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50 years of flights to Tibet bolsters tourism, economy


Updated: 2015-08-11 17:36:26

Li recounted the challenges: heavy clouds, thunderstorms with turbulence severe enough to damage aircraft, sand and dust that could lower ground visibility to zero, and a lack of oxygen for ground staff.

"In the 1990s, there were sandstorms every afternoon in Lhasa. We had to plant thousands of trees around the airport to keep the air clean," said Li, who headed the bureau during the period.

The first flight from Beijing to Lhasa was made by an Il-18 aircraft on March 1, 1965.

"Over the decades, people working in aviation in Tibet have made great contributions and sacrifices to ensure the industry's safety and development," said Li, adding that better navigation technology also improved safety.

Aviation helped Nyingchi, in eastern Tibet, earn 1.11 billion yuan ($177 million) in tourist revenue last year. The figure jumped 11 times compared to the number ten years ago.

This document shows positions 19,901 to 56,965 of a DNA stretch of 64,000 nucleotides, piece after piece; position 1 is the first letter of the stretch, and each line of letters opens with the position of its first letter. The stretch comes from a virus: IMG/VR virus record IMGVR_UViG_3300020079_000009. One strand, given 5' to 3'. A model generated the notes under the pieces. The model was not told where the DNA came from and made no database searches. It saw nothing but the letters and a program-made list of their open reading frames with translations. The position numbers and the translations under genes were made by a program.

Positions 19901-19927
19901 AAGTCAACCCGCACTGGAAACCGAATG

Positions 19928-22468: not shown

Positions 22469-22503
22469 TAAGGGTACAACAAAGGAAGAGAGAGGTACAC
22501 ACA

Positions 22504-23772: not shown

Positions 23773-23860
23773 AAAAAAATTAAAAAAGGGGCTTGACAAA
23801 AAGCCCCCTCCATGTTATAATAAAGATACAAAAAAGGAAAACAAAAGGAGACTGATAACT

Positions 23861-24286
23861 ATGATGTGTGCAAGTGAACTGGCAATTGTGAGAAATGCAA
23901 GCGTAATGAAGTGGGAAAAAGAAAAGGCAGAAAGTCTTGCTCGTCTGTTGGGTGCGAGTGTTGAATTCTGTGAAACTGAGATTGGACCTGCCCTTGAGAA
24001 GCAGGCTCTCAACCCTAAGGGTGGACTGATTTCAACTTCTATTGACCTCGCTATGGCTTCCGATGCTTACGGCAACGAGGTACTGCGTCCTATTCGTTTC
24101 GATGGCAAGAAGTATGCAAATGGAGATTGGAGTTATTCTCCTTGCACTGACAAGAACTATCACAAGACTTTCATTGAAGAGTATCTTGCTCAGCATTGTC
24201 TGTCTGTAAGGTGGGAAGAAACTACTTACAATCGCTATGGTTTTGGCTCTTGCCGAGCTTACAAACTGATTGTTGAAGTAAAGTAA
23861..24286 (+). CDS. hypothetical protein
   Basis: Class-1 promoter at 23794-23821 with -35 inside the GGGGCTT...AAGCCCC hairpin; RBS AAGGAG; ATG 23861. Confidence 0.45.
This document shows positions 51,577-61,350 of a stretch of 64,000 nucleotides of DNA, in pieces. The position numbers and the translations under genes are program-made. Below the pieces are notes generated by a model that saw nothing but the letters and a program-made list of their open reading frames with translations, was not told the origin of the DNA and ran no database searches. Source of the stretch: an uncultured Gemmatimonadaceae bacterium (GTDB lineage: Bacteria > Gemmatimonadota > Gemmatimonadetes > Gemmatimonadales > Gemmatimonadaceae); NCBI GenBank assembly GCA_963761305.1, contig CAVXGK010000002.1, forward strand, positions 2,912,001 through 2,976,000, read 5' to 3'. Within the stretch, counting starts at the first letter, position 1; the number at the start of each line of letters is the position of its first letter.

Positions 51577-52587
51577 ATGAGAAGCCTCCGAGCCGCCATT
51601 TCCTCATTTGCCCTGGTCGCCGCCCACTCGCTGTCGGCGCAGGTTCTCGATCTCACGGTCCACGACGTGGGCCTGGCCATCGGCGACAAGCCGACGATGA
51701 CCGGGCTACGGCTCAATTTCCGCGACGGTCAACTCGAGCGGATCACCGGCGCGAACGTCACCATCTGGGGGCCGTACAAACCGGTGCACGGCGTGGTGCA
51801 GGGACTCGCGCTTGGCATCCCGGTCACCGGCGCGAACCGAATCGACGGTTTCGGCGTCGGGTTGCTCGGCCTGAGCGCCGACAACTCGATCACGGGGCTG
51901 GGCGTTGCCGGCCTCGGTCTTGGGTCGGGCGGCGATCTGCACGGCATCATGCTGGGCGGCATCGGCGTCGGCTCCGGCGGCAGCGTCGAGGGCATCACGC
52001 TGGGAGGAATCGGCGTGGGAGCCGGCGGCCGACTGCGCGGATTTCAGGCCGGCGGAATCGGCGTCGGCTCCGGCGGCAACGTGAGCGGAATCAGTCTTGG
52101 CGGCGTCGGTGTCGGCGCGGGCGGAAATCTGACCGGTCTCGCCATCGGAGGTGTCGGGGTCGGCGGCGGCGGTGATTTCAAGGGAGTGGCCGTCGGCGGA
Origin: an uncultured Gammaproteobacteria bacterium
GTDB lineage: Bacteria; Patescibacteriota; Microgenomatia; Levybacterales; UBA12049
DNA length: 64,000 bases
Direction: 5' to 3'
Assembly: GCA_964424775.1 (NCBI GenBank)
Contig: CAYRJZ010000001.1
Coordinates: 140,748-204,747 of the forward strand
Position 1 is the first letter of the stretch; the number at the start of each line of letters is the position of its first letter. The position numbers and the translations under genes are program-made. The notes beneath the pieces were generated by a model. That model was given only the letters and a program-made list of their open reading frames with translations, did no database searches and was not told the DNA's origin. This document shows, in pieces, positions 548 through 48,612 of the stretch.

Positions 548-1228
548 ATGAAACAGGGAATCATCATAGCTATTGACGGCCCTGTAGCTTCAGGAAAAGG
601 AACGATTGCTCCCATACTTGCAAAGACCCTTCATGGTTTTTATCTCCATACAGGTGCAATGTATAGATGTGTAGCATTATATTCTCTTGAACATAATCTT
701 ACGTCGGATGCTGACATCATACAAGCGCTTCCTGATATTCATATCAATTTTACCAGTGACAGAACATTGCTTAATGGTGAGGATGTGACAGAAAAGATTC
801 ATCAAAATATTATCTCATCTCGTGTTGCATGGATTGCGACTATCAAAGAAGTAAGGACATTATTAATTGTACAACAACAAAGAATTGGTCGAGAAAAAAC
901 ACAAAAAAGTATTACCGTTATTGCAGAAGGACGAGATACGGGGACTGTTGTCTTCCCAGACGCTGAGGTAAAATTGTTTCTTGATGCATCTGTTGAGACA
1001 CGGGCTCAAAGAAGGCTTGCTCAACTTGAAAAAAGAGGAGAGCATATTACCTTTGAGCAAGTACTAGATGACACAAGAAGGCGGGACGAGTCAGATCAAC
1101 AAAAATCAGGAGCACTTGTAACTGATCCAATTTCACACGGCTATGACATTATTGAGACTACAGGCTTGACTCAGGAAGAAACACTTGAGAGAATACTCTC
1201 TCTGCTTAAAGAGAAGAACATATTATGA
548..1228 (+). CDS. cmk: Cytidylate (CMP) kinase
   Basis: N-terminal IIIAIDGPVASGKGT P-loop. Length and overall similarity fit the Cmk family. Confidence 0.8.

"Tibet's tourism, express delivery and other industries wouldn't have flourished if it were not for the air connections," said Li Hancheng, the current director of the Tibetan aviation bureau.


According to a national plan for Tibet's development, in the next five years, the number of flights between Tibet and other cities will increase to 95. Annual passenger volume will reach 6.6 million by 2020.

Officials told Xinhua that passenger volume has reached twice the designed capacity at Konggar and Nyingchi airports.

"The infrastructure is in urgent need of further expansion and upgrades," Li said.

"Brain drain" is also a challenge. Dissatisfied with harsh work conditions, some pilots and airport staff have chosen to work elsewhere.

"It takes at least eight years to train a seasoned captain, because we have stricter requirements for flying the Tibetan route. We need to recruit experienced pilots to expand business," said Bai Weisan, vice manager of Tibet Airlines.

"We will improve wages for staff to keep them working here," he said.

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